"That explains the troughs' spiral design," says Smith.
Similar formations can be found in Antarctic regions of Earth, but without the spiral shape.
Icy megadunes in Antarctica do not spiral like the ice troughs of Mars. [more]
"You don't see spirals in Earth's Antarctic ice sheet because local topography there prevents the winds from being steered by the Coriolis force."
The radar data have solved another icy mystery, too--the origin of Chasma Boreale.
Chasma Boreale is a Grand Canyon-sized chasm that slashes through the midst of the spiraled troughs. Theories to date suggested that either wind erosion or a single melt event excavated Chasma Boreale within the past 5 to 10 million years.
"Not so," says Holt. "The MRO data clearly show the chasm formed [long before the spirals did] in a much older ice sheet dating back billions of years. Due to the shape of that ancient sheet, the chasm grew deeper as newer ice deposits built up around it. Winds sweeping across the ice cap likely prevented new ice from building up inside the chasm [so it never filled up]."
The radar data also revealed a second chasm matching Boreale in size.
Chasma Boreale is indicated by an arrow in this modern image of the Martian north pole. [more]
"This chasm's never been seen before -- unlike Boreale, it did fill up with ice, probably because it's in a different location. Boreale is closer to the highest points of the ancient ice cap, where the winds are stronger and more consistent."
By discovering that both Chasma Boreale and the ice troughs were shaped by similar processes over different timescales, Holt and Smith answer some questions about Martian climate history. But they're also sparking new ones.
"For a long stretch of Martian history the ice layers were regular and uniform, then there was a distinct period when the spiral ice troughs got started," says Smith. "Something changed. There must have been a very fast (relatively speaking) and powerful change in climate. We still don't know what that change was."
"To figure that out, we need to look at the rest of Mars for evidence of other changes at that same time," says Holt. "This is just the tip of the ice berg."
THE ASTRONOMY PICTURE OF THE DAY FOR 2010 March 17
Credit: G. Neukum (FU Berlin) et al., Mars Express, DLR, ESA
Explanation: Why is this small object orbiting Mars? The origin of Phobos, the larger of the two moons orbiting Mars, remains unknown. Phobos and Deimos appear very similar to C-type asteroids, yet gravitationally capturing such asteroids, circularizing their orbits, and dragging them into Mars' equatorial plane seems unlikely. Pictured above is Phobos as it appeared during last week's flyby of ESA's Mars Express, a robotic spacecraft that began orbiting Mars in 2003. Visible in great detail is Phobos' irregular shape, strangely dark terrain, numerous unusual grooves, and a spectacular chain of craters crossing the image center. Phobos spans only about 25 kilometers in length and does not have enough gravity to compress it into a ball. Phobos orbits so close to Mars that sometime in the next 20 million years, tidal deceleration will break up the rubble moon into a ring whose pieces will slowly spiral down and crash onto the red planet. The Russian mission Phobos-Grunt is scheduled to launch and land on Phobos next year.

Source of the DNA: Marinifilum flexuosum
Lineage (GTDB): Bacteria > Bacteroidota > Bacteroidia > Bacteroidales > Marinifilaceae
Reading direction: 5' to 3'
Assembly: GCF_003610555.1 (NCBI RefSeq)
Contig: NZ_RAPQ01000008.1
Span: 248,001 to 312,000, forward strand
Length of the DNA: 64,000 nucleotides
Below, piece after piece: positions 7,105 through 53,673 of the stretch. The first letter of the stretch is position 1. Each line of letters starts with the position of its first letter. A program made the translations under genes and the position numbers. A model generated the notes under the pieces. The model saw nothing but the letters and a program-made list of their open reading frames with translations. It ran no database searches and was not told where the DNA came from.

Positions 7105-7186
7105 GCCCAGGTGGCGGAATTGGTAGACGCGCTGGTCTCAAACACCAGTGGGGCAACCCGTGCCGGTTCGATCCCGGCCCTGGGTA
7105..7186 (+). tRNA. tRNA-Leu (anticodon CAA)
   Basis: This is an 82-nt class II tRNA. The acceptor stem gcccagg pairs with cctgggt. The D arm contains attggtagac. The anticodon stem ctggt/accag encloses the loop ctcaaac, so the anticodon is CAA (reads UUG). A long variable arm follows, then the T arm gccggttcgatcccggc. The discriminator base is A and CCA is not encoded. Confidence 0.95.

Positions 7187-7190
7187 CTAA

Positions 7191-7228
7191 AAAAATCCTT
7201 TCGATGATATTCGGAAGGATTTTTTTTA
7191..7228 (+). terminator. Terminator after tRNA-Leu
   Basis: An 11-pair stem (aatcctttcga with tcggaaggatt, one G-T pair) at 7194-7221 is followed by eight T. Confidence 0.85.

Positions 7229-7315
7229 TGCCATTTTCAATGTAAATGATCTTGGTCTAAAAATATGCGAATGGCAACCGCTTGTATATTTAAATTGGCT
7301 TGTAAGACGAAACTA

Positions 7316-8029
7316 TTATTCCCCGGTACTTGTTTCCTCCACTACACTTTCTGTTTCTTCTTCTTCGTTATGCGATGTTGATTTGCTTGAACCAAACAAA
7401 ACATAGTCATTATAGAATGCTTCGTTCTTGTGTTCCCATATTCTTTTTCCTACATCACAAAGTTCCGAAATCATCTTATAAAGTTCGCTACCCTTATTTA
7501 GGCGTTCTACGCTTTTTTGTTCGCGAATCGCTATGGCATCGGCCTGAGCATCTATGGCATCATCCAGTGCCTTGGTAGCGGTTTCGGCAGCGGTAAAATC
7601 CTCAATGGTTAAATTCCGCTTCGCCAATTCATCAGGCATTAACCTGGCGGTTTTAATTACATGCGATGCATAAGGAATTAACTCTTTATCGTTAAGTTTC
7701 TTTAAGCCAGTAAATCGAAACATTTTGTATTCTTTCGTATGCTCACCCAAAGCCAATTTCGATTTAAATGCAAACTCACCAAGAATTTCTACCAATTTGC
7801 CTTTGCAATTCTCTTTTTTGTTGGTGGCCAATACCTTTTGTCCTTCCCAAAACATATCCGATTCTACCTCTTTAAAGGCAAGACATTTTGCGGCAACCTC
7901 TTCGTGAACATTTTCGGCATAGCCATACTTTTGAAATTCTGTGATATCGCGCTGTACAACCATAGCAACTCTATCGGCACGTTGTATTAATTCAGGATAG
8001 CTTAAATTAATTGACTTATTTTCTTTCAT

THE ASTRONOMY PICTURE OF THE DAY FOR 2010 December 1
Credit: G. Neukum (FU Berlin) et al., Mars Express, DLR, ESA; Acknowledgement: Peter Masek
Explanation: Why is Phobos so dark? Phobos, the largest and innermost of two Martian moons, is the darkest moon in the entire Solar System. Its unusual orbit and color indicate that it may be a captured asteroid composed of a mixture of ice and dark rock. The above picture of Phobos near the limb of Mars was captured last month by the robot spacecraft Mars Express currently orbiting Mars. Phobos is a heavily cratered and barren moon, with its largest crater located on the far side. From images like this, Phobos has been determined to be covered by perhaps a meter of loose dust. Phobos orbits so close to Mars that from some places it would appear to rise and set twice a day, but from other places it would not be visible at all. Phobos' orbit around Mars is continually decaying -- it will likely break up with pieces crashing to the Martian surface in about 50 million years.
ASTRONOMY PICTURE OF THE DAY FOR 2010 March 1
Credit: HiRISE, MRO, LPL (U. Arizona), NASA
Explanation: What creates these picturesque dark streaks on Mars? No one knows for sure. A leading hypothesis is that streaks like these are caused by fine grained sand sliding down the banks of troughs and craters. Pictured above, dark sand appears to have flowed hundreds of meters down the slopes of Acheron Fossae. The sand appears to flow like a liquid around boulders, and, for some reason, lightens significantly over time. This sand flow process is one of several which can rapidly change the surface of Mars, with other processes including dust devils, dust storms, and the freezing and melting of areas of ice. The above image was taken by the HiRise camera on board the Mars Reconnaissance Orbiter which has been orbiting Mars since 2006. Acheron Fossae is a 700 kilometer long trough in the Diacria quadrangle of Mars.
THE ASTRONOMY PICTURE OF THE DAY FOR 2010 January 19
Credit: HiRISE, MRO, LPL (U. Arizona), NASA
Explanation: They might look like TREES on Mars, but they're NOT. Groups of dark brown streaks have been photographed by the Mars Reconnaissance Orbiter on melting pinkish sand dunes covered with light frost. The above image was taken in 2008 April near the North Pole of Mars. At that time, dark sand on the interior of Martian sand dunes became more and more visible as the spring Sun melted the lighter carbon dioxide ice. When occurring near the top of a dune, dark sand may cascade down the dune leaving dark surface streaks -- streaks that might appear at first to be trees standing in front of the lighter regions, but cast no shadows. Objects about 25 centimeters across are resolved on this image spanning about one kilometer. Close ups of some parts of this image show billowing plumes indicating that the sand slides were occurring even when the image was being taken.